Saturday, January 29, 2011

Under the Thumb of the Brain Patrol

Short Story by Ferrett Steinmetz

David is a quiet, abused, unpopular kid just trying to keep his head down and make it through high school. Allie is his best friend/confidant/true-love, and Valencia is the school queen bee. All the characters are bland sneering stereotypes taken to the extreme usually reserved for bad movies. And there is no redeeming camp-value here either. David has to get over his infatuation with the popular girl who abuses him through manipulation but will never date him, and realize his true love was there all along in his female friend. Never seen this before...

The one unusual conceit is that this happens in the future, technology-wise, and in a bizarro universe where the exact opposites of all overused teen movie tropes about cliques and cool kids and whatnot are reversed. It might be funnier if it was the reverse of something that rang a bit true, but it is the reverse of the fictional high school fictional characters like to attend.

The nerds are cool and popular, and abuse the jocks, who still remain a clique despite tragically underfunded sports teams. It feels like something wanted to be said here about public education funding, but it was another missed opportunity as we only learn that things well-funded in real schools are underfunded here, and vice versa. Oh and we gloss over some cruelty-to-clones that you'd think would approach murder charges.

Anyway, the popular girl is a nerd, and the picked on protagonist is a jock. We get into a bit too much detail about her sexy pasty overweight body and his gross six-pack and muscles. Feels overkill, unlikely, and over-harped-on besides. After an implausibly nonsensical robotics lab, Valencia invites David to a science fair with her. Then she kidnaps Allie, chains her up, and puts David in a dungeon to gather data for a reality-tested role playing game.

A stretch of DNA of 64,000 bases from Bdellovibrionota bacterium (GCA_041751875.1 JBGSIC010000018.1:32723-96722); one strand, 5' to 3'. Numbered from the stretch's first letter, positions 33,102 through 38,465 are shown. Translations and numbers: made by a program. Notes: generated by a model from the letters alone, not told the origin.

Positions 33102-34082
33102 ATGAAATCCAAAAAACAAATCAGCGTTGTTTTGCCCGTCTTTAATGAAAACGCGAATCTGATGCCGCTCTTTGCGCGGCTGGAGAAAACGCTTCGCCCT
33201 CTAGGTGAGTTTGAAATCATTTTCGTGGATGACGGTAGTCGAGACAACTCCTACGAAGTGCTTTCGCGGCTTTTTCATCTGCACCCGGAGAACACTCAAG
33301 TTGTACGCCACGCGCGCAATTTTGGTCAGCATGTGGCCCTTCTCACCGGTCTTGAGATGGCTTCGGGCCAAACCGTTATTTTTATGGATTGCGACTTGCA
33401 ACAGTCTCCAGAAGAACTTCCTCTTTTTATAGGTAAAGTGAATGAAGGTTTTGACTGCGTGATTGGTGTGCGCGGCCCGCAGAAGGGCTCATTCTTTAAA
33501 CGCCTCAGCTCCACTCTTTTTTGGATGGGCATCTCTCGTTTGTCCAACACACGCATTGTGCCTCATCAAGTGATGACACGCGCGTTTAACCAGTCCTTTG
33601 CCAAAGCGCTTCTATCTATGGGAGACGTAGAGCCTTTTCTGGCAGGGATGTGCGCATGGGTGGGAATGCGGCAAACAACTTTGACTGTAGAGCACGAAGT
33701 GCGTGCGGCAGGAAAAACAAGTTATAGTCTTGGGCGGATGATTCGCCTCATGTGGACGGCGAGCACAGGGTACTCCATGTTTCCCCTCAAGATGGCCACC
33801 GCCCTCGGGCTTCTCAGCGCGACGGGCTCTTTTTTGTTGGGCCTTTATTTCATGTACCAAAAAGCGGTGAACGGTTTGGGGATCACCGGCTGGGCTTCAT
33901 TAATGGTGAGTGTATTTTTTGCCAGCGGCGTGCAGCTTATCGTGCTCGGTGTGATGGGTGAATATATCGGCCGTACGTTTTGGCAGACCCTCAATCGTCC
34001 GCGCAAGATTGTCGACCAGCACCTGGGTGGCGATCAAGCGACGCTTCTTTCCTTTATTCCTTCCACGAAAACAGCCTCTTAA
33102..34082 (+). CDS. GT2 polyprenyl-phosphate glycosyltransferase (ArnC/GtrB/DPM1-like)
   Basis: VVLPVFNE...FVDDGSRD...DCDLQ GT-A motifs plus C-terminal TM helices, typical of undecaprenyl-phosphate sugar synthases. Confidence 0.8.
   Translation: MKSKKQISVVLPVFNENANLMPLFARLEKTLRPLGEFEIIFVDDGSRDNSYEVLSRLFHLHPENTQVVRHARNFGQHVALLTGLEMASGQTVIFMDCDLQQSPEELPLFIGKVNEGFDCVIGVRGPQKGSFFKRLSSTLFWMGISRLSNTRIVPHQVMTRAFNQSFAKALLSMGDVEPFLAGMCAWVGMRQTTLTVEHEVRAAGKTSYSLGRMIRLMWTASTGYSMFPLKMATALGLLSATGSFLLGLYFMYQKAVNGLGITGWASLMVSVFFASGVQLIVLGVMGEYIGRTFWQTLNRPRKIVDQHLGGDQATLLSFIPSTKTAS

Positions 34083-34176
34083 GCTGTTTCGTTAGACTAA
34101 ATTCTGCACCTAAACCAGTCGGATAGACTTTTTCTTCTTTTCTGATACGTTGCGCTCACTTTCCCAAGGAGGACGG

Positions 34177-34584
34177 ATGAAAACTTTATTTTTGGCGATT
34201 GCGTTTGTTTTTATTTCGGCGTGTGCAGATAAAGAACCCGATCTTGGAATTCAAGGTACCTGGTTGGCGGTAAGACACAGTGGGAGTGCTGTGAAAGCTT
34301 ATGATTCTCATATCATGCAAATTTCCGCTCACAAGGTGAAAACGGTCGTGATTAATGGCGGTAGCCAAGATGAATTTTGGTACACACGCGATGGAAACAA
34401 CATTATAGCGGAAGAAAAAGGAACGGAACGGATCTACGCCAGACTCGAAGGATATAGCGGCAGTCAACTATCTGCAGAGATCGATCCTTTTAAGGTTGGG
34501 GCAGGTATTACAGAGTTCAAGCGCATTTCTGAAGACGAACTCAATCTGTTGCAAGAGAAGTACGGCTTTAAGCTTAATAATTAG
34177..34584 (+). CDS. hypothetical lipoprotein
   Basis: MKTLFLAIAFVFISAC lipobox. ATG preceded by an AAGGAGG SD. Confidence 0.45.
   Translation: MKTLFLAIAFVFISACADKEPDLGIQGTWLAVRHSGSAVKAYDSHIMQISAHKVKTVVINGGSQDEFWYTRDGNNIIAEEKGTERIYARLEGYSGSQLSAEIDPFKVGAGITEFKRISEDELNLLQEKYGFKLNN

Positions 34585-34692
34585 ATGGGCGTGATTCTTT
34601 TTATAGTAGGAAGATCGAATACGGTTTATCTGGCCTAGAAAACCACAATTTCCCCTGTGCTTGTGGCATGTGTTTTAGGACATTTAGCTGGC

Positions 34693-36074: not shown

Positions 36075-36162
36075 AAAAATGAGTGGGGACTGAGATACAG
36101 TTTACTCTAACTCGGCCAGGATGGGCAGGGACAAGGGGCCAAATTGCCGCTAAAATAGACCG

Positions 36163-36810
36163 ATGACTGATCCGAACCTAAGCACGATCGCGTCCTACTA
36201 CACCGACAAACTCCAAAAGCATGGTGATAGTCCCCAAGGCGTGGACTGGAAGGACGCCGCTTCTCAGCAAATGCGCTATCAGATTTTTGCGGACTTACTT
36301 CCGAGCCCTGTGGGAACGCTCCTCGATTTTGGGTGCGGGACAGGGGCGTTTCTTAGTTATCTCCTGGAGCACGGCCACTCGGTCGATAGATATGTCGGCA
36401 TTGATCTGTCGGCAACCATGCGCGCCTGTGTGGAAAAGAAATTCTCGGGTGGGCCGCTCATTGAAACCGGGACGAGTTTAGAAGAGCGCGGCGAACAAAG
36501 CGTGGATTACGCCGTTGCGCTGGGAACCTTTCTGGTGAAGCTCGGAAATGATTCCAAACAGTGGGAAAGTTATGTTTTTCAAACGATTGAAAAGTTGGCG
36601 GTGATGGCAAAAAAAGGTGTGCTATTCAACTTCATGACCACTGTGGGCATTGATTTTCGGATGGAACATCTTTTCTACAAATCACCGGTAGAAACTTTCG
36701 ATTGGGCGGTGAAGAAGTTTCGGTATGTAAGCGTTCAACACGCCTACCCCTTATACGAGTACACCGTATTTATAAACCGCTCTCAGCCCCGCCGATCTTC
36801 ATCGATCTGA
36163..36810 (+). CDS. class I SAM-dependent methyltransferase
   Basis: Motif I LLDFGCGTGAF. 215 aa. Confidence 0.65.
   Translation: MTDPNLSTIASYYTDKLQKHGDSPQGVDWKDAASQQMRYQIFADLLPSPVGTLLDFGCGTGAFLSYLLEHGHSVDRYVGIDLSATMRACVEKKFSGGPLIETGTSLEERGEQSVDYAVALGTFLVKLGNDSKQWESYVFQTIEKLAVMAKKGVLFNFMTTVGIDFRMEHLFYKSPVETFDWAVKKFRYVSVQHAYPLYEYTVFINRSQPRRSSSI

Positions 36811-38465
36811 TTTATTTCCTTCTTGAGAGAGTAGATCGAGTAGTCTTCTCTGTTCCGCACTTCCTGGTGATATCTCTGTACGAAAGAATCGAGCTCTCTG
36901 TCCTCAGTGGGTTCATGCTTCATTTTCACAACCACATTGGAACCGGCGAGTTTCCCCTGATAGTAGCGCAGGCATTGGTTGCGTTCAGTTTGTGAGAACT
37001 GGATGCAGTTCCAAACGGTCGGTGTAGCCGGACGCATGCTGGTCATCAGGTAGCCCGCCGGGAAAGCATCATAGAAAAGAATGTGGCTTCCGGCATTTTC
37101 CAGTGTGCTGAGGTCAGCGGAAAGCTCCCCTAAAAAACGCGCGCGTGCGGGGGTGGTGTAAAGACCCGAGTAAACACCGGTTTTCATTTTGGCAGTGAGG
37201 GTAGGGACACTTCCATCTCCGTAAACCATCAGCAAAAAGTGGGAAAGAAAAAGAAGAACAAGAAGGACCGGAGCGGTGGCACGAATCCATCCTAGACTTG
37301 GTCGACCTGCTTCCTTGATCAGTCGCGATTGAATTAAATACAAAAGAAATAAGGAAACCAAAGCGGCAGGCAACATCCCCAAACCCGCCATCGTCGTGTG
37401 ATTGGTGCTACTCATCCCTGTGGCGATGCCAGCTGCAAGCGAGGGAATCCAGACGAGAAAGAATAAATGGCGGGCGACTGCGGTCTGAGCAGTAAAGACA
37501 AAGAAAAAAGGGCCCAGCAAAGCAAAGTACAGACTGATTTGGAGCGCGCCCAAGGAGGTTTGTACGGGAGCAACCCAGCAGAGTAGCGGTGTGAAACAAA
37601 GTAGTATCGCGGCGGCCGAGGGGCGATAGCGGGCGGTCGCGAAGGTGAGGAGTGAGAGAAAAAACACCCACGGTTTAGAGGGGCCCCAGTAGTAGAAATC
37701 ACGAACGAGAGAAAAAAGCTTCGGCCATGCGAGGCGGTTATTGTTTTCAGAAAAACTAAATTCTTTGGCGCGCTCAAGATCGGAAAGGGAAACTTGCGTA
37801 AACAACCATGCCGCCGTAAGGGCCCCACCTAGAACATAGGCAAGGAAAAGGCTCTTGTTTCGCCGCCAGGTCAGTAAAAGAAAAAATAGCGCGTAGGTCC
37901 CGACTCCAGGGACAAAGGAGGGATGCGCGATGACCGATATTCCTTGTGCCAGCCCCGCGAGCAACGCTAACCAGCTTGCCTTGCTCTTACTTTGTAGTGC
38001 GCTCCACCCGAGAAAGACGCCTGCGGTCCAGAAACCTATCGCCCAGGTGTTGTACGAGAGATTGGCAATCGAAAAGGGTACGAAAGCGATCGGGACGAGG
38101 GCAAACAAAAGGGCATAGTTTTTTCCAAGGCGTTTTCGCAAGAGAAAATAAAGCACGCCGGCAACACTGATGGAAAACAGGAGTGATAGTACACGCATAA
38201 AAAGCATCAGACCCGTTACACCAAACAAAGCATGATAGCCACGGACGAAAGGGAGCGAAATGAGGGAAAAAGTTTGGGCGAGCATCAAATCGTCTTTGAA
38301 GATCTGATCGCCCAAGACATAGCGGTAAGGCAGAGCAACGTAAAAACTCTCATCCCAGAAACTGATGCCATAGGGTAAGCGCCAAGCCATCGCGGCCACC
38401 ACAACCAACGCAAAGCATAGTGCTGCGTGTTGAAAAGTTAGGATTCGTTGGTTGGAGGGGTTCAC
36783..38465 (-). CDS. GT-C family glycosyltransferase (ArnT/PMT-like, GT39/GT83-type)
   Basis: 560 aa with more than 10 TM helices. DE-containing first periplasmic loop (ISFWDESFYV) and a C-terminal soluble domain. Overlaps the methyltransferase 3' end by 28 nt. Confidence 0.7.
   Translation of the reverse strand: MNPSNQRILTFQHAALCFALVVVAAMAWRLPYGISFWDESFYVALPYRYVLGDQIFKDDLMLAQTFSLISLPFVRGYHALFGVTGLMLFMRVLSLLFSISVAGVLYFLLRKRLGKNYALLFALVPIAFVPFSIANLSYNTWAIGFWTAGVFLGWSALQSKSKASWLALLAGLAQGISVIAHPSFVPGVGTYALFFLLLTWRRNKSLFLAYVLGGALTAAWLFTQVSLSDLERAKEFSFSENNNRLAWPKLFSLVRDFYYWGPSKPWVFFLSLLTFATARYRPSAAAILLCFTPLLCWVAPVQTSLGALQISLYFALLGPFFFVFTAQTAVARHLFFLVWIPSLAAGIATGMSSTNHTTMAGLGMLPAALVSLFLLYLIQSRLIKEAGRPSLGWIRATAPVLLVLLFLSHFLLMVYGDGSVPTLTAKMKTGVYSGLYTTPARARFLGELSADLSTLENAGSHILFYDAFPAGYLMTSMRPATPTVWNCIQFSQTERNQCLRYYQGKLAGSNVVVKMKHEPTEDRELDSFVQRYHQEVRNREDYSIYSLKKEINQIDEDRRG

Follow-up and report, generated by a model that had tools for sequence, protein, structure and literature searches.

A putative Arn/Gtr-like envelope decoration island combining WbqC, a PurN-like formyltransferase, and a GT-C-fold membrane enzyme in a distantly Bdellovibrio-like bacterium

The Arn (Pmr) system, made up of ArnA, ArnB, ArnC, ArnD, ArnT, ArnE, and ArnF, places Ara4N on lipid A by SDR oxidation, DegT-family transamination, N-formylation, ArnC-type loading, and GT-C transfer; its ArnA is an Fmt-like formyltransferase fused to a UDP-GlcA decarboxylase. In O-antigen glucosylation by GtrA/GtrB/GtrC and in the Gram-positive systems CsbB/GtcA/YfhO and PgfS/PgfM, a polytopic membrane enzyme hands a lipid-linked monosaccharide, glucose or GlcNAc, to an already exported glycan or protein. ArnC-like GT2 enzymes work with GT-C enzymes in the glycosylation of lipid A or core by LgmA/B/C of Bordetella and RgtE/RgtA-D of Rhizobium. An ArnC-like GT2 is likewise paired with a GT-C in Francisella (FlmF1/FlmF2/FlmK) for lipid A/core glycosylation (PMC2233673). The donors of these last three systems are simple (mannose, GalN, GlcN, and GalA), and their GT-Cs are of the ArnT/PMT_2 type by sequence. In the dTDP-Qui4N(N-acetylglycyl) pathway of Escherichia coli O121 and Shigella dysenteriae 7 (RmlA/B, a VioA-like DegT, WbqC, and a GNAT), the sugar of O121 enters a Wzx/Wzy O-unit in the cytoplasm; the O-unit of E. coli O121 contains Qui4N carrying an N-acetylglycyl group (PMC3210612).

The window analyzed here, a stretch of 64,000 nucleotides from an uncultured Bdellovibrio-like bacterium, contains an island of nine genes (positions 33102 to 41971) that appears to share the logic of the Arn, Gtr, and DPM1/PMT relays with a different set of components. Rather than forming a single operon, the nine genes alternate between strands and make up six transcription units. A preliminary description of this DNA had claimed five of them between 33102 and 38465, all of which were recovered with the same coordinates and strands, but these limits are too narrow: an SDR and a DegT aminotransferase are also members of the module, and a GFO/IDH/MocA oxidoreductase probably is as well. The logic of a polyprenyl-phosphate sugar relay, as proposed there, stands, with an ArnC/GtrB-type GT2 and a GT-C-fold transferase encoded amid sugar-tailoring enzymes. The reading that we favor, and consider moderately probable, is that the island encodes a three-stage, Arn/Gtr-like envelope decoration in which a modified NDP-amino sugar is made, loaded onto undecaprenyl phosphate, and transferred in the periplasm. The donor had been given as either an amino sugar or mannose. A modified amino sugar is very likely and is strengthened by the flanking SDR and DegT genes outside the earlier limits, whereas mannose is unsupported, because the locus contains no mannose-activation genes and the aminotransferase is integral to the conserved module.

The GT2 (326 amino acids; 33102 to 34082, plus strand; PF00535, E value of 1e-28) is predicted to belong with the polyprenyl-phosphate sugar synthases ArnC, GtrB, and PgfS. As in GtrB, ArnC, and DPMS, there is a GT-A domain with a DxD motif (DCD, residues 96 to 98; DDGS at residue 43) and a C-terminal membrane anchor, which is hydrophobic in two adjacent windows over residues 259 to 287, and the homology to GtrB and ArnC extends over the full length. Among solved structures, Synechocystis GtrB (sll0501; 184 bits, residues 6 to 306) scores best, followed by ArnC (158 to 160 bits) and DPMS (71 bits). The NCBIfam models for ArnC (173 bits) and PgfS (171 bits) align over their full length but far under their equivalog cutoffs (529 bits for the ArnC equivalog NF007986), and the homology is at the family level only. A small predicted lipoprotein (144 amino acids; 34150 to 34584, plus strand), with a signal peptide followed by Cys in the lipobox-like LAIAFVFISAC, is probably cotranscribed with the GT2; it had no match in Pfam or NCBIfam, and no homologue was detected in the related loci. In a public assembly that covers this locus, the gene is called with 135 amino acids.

Lame jokes about Tolkien, D&D, and chainmail bikinis here, nothing new or surprising. And one of the nerds predicts a TPK for David. I find it hard to believe these nerds wouldn't care enough about semantics not to say "total party kill" when referring to a singular person, maybe I'm more anal about these things, but it sure as hell bugged me, and I'd have at least liked to see some nerd with my level of pedantry point it out. Anyway, he saves the girl, and they somehow decide they are going to live happily ever after when they are done with high school in a resolution that makes 0 sense or comic value. It is one thing to end a story about a nerd with "and we'll be happy when they work fast food and I'm Bill Gates." It is another to end a story that way when you are a looked-down-upon underclass with no science education in a super-science world making fun of a brilliant scientist (bitchy queen bee that she is).

Nonsense without being comically nonsensical. Over-the-top but not enough to be funny. A not-very-clever reversal of fake Hollywood reality. A few amusing turns-of-phrase can't save this story from coming across as a drawn-out bad joke.
1.5 Shoggoth-class biohazards out of 5.

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